List of Chief Ministers of Penang

The following is the list of Chief Ministers of Penang since 1957:[3]

Colour key (for political parties):
  Alliance Party   Gerakan   Barisan Nasional   DAP/Pakatan Harapan

# Portrait Name
Political party[lower-alpha 1] Term of office Electoral
1 Wong Pow Nee[lower-alpha 2]
MLC for Bukit Mertajam, 1957−1959
MLA for Bukit Mertajam, 1959−1969
Alliance (MCA) 31 August 1957 12 May 1969

1959 (1st)
1964 (2nd)

2 Lim Chong Eu
MLC for Kelawei, 1955–1959
MLA for Kota, 1964–1974
MLA for Padang Kota, 1974–1990
Gerakan[lower-alpha 3] 12 May 1969 25 October 1990

1969 (3rd)
1974 (4th)
1978 (5th)
1982 (6th)
1986 (7th)

BN (Gerakan)
3 Koh Tsu Koon
(b. 1949)
MLA for Tanjong Bunga, 1990–2008
BN (Gerakan) 25 October 1990 11 March 2008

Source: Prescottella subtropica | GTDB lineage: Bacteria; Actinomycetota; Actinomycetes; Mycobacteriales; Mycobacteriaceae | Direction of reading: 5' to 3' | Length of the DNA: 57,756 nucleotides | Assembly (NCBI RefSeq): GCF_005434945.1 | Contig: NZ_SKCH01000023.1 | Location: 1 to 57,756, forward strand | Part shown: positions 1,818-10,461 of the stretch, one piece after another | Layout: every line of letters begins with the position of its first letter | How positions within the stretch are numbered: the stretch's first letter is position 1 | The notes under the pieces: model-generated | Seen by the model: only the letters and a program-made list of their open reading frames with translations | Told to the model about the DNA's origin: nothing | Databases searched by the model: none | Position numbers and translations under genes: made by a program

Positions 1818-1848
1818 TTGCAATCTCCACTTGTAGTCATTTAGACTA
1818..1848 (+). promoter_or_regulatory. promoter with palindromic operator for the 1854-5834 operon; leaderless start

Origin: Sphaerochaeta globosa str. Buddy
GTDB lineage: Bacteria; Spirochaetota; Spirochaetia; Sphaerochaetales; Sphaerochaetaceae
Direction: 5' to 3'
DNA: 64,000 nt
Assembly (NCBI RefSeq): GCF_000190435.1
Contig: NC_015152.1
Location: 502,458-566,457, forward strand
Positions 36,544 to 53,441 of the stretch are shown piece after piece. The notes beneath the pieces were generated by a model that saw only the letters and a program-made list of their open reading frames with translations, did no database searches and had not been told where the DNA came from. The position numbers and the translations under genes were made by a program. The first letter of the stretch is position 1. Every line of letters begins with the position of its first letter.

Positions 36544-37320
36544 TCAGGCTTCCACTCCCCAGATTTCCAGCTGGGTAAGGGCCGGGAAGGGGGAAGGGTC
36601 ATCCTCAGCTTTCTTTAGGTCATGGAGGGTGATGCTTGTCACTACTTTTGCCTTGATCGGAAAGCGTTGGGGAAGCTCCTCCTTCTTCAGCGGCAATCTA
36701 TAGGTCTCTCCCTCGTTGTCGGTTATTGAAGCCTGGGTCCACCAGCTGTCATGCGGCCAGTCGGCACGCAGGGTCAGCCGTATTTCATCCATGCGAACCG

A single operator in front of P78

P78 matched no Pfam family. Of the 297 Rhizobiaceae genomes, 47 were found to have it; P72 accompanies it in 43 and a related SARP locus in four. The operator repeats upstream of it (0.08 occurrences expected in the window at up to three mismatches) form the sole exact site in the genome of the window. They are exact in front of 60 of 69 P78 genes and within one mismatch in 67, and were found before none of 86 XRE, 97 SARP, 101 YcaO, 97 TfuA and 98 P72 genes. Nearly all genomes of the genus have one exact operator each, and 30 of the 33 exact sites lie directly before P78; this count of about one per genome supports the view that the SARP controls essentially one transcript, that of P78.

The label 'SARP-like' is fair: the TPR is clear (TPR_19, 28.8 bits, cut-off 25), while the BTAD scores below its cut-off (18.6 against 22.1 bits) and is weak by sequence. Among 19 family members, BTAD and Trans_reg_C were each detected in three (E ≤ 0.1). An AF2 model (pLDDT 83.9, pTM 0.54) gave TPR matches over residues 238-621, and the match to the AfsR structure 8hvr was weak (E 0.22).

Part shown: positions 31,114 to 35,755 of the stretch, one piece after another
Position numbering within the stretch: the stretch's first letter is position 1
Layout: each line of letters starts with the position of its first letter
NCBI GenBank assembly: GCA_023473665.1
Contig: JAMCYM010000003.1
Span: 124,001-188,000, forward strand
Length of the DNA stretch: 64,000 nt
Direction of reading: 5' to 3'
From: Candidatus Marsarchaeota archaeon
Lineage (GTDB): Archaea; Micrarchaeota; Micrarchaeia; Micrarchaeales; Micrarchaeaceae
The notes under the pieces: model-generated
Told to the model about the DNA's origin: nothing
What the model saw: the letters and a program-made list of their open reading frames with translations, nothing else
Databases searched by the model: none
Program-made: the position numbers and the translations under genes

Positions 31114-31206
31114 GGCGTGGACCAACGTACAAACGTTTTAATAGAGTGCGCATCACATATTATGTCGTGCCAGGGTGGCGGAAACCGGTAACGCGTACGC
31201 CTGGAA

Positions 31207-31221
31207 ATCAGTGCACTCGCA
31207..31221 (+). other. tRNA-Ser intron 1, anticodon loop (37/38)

1990 (8th)
1995 (9th)
1999 (10th)
2004 (11th)

4 Lim Guan Eng
(b. 1960)
MLA for Air Putih, since 2008
PR (DAP) 11 March 2008 14 May 2018

2008 (12th)
2013 (13th)

5 Chow Kon Yeow
(b. 1957)
MLA for Pengkalan Kota, 1990–1995
MLA for Padang Kota, since 2008
PH (DAP) 14 May 2018 Incumbent

2018 (14th)


  1. This column names only the Chief Minister's party. The state government he heads may be a complex coalition of several parties and independents; those are not listed here.
  2. Wong Pow Nee was formally appointed as first chief minister of Penang on 31 August 1957 since the proclamation of Malaya independence. He was re-elected to Penang State Legislative Assembly and re-appointed as chief minister in 1959 which is on the year Malaya first general election was held.
  3. When Lim Chong Eu took the oath of office in 1969, Gerakan was under the Opposition at federal level before they joined the Barisan Nasional in 1973.


  1. "myPenang". Retrieved 2018-05-12.
  2. "Chow Kon Yeow sworn in as Penang CM". Free Malaysia Today. 2018-05-14. Retrieved 2018-05-14.
  3. Penang Accessed 12 June 2010